How can I modify my $PATH

Discussion in 'Tomato Firmware' started by darksky, Jul 7, 2013.

  1. darksky

    darksky Addicted to LI Member

    How can I modify my root user's $PATH on tomatousb? For example, I'd like to add /opt/usr/local/bin to the system PATH. If I do the obvious thing, redefine it in for example /root/.bashrc this file is transient and only lives while I am logged in.

  2. Planiwa

    Planiwa Network Guru Member

    That's not the case. A file such as ~/.profile persists until the computer is rebooted.

    If you are a reboot-prone user you deserve what you get. :)

    Boot   29d3h ago 
    INIT   5 Jul 15:11 
    WAN up 5 Jul 15:11 
    FW  up 5 Jul 15:11 
  3. koitsu

    koitsu Network Guru Member

    One can use nvram setfile2nvram to make a file permanently written (and restored) to/from NVRAM. Ex.

    nvram setfile2nvram /root/.profile
    nvram commit

    Be aware, however: many people (especially on this forum) tend to muck up their .profile which causes other anomalies, causing them to show up and complain about broken libraries, broken binaries, etc. when it's their own environment/setup which is causing the problem. There's even an example recently of someone logging in, running bash, and then reporting "all sorts of problems". So consider yourself warned. :)
  4. Planiwa

    Planiwa Network Guru Member

    A less sophisticated option is to keep all your config files, etc. on a persistent writable device (same place where you keep /opt, for example), and to copy them over with SCRIPTS at the appropriate time, e.g. INIT, etc.

    I used to have all my tools on a host on the other side of the globe, and copy them over automagically with wget, if necessary, at WAN-UP time.
  5. darksky

    darksky Addicted to LI Member

    Excellent idea, thanks. Care to post your .profile and related files?
  6. koitsu

    koitsu Network Guru Member

    Using Scripts -> Init et al for this is not the way to go -- sometimes that code can get run before USB devices are actually enumerated/mounted, which means commands there will fail.

    The proper solution is to make a shell script called mount.autorun and place it onto the filesystem backed by the USB device. Make sure to use a filesystem like ext2 or ext3, not NTFS or FAT/FAT32, because file permissions matter (file needs to be executable, e.g. 0755).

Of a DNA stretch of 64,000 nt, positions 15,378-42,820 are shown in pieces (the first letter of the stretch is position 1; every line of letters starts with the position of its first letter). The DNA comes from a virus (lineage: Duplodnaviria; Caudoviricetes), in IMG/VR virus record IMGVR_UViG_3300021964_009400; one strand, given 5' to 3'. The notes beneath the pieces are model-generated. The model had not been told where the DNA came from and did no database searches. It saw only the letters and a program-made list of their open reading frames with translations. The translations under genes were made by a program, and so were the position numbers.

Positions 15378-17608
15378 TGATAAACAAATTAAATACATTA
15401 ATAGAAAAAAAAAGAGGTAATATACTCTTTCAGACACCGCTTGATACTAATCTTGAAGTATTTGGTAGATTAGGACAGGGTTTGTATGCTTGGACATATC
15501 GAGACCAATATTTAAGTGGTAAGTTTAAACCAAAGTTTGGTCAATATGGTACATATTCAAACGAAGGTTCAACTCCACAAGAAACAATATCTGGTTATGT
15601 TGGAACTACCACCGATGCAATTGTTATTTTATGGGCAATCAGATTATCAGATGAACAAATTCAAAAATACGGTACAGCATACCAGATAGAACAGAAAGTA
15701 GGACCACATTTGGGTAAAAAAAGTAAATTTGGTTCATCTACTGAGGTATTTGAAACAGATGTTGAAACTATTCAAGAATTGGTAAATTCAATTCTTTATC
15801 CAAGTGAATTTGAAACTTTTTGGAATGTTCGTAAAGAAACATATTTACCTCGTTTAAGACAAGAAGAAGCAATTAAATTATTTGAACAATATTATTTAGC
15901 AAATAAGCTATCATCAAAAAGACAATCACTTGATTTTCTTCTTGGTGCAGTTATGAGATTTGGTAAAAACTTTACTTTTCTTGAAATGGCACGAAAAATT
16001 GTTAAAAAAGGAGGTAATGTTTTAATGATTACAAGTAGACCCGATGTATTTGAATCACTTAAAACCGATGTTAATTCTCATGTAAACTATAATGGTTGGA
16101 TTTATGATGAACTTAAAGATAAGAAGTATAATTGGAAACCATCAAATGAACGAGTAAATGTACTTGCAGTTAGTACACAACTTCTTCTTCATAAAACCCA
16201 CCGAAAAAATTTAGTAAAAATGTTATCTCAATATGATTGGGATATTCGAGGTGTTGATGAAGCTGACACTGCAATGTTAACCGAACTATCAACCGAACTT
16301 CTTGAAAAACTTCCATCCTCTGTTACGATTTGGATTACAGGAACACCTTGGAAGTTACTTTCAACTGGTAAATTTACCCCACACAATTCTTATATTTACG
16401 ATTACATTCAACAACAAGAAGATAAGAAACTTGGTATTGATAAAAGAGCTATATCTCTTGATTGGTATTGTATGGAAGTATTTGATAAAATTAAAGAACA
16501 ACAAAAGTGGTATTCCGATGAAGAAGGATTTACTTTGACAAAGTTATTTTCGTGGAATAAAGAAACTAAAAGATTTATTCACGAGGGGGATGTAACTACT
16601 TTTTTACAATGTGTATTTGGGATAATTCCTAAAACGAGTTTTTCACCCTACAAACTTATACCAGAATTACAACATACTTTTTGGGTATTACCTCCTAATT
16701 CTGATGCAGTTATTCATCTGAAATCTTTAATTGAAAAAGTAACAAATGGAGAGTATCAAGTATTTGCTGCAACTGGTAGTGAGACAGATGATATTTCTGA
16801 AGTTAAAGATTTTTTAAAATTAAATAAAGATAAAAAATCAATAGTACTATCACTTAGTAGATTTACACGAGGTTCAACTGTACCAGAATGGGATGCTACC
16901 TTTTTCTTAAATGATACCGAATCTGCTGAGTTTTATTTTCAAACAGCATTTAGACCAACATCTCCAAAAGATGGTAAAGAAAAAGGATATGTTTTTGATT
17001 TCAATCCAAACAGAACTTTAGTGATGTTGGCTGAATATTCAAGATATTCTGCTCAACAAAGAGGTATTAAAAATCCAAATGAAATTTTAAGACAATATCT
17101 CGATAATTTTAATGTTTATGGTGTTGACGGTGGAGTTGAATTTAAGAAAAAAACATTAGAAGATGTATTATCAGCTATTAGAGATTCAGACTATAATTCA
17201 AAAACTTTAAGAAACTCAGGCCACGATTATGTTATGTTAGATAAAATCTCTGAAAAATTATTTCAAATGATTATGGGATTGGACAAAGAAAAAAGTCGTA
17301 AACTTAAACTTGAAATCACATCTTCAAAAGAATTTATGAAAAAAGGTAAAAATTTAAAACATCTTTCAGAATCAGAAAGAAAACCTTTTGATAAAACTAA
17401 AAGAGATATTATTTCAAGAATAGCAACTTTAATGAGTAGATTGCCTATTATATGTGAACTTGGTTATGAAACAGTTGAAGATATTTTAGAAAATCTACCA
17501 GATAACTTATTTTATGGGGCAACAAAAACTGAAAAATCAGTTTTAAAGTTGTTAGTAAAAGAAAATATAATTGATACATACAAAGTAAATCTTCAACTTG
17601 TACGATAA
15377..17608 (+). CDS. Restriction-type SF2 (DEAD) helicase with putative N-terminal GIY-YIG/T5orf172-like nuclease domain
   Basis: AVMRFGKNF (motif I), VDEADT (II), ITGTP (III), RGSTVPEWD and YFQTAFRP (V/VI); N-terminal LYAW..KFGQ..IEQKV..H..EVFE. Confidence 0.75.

For example, what I use auto-creates the /opt bind from /tmp/mnt/usbflash (the name "usbflash" comes from the ext3 label I chose) and properly deals with unmounting situations (such as when clicking "Save" in the TomatoUSB GUI, otherwise you'll end up with multiple /opt binds which can cause all sorts of problems):

    # automount script for USB flash drives
    # USB flash drives:
    # The drive will be auto-mounted under /tmp/mnt/{drivelabel}.
    # The drivelabel is generated during mkfs.ext3:
    # To format a drive:
    # mkfs.ext3 -L usbflash /dev/sda1
    # {refresh/save in TomatoUSB GUI}
    # tune2fs -c 0 /dev/sda1
    # {manually unmount/remount in TomatoUSB GUI}
    if /bin/grep -q /opt /proc/mounts
      /bin/umount /opt
    /bin/mount -o bindable /tmp/mnt/usbflash /opt
    I use this exclusively and with no commands under USB and NAS -> Run after/before mounting/unmounting.

    It should become very obvious to you how to take this and do what you need. Good luck, and keep in mind what I said earlier about /root/.profile and the serious implications it has.
  7. darksky

    darksky Addicted to LI Member

    @koitsu - Thanks... I use something very similar (see below). Can you post your ~/.profile to this thread?

    Run after mounting:
    [[ -d /tmp/mnt/router ]] && \
      mount -o noatime -t ext3 -obind /tmp/mnt/router/Optware /opt
    sleep 1s
    [[ -f /opt/skel/inputrc ]] && cp /opt/skel/inputrc /tmp/home/root/.profile
    [[ -f /opt/skel/ash_history ]] && cp /opt/skel/ash_history /tmp/home/root/.ash_history
    [[ -x /opt/etc/init.d/S80lighttpd ]] && /opt/etc/init.d/S80lighttpd start
    sleep 2s
    [[ -x /opt/etc/init.d/S57rsyncd ]] && /opt/etc/init.d/S57rsyncd start